Musically this band is on solid footing. Ammon Chaikram provides the grounding needed from the bass but adds some jump as well. He’s also a decent drummer, a point that probably strengthens his skills as a timekeeper. Maxx Cabajar does more than just play a guitar. He strives to make the instrument do things that are out of the ordinary and often succeeds beautifully. Chloe Kendel is a superb young drummer, literally one of the best this writer’s seen in some time. Her technical skills are excellent and she’s an imaginative player but that’s only part of what she offers. Her work has a graceful fluidity that can’t be taught. Transitions from beat to fills and back again are so smooth and so natural it’s almost as if she’s a conduit for what the drums feel should be expressed.
A large part of their catalogue was from the mid 1990’s so it was only passingly familiar to older members of the audience. It didn’t matter though because they made the experience of hearing those songs an interesting one that primed listeners nicely for their renditions of some classics. CCR’s ‘Fortunate Son’ drew a round of applause that had everyone smiling and their rendition of ‘Wipe Out’ was breathtaking. That also featured a moment that was both sweet and intimate when [drummer] Chloe told a trio of young children they were about to go surfing while the kids insisted there was no way. Maxx leaned down on his pedals at one point and came up with a stretch of feedback that paid tribute to the days when Pete Townshend and Jimi Hendrix were learning what could be done and producing something different each time out.
With the senior citizen in their group being just seventeen it’s safe to refer to Noise Pollution as a young band. Things like the quirks of teenaged voices (which enjoy doing things on their own at the worst possible moments) and inexperience with setting up sound systems were noticeable. Their core is solid though and what they can build from it is what matters. They’re a band and not just three musicians playing together, which makes a big difference. Lead guitarist, and their lead singer on most numbers, Maxx, listens very closely to the foundation provided by his band mates, delivers his parts according to what’s laid out and does not lose their threads. Bassist Ammon Chaikam combines melodic sensibility with solid timekeeping to hold up his end and drummer Chloe Kendel ties their work together with a sense of effortlessness that became more and more impressive as the evening progressed.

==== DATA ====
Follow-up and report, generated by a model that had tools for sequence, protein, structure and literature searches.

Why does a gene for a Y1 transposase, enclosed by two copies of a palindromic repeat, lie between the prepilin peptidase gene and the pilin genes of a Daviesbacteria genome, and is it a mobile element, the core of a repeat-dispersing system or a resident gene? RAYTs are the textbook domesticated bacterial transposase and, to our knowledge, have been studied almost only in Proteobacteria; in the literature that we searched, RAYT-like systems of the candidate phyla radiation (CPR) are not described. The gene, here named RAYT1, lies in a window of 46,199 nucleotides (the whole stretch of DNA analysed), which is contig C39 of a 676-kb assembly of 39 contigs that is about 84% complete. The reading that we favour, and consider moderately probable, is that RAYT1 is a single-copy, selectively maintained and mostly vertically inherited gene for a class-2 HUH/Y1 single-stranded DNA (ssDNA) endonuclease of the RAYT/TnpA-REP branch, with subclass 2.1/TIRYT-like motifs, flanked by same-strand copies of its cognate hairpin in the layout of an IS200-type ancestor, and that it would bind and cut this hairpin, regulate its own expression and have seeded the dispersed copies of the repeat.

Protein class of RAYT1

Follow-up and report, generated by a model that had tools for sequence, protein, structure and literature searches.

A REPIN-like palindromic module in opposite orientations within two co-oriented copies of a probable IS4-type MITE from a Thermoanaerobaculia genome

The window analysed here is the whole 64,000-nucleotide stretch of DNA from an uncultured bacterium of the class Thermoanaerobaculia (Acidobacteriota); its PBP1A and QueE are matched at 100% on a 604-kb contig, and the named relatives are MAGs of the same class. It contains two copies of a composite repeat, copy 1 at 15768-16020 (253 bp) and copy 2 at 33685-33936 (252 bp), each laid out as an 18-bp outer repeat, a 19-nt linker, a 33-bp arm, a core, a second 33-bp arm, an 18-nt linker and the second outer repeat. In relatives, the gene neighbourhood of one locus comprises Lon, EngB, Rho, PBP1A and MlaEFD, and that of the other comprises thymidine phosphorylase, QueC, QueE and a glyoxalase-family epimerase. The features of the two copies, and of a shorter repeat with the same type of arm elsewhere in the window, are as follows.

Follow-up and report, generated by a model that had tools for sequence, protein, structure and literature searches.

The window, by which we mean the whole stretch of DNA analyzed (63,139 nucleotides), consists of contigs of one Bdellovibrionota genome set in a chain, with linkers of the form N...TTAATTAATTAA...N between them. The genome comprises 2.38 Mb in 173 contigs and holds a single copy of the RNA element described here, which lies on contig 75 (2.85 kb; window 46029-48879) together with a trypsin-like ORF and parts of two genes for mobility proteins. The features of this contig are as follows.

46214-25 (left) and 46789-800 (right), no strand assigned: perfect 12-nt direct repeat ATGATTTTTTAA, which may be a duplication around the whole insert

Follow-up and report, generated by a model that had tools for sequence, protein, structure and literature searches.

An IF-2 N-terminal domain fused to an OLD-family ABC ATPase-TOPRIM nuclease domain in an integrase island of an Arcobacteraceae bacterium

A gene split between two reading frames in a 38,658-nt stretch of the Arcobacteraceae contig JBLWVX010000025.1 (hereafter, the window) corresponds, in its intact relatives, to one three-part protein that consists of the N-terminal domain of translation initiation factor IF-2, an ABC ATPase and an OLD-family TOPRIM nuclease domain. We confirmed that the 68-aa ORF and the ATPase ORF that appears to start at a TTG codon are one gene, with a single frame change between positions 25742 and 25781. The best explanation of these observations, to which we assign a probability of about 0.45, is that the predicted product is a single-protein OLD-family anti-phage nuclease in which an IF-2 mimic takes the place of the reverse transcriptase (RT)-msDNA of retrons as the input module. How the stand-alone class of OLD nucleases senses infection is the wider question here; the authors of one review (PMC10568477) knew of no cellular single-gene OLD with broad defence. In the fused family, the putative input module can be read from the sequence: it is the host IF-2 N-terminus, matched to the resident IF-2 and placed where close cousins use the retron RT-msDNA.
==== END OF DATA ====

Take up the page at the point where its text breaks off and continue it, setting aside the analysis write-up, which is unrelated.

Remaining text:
It was a lot of fun, and, thanks in part to the fact that a lot of their friends were there to show support, had one of the best crowds that’s turned up for a First Friday in some time. More of that is needed.
CLICK HERE for more photos of Noise Pollution taken by Brian Hay.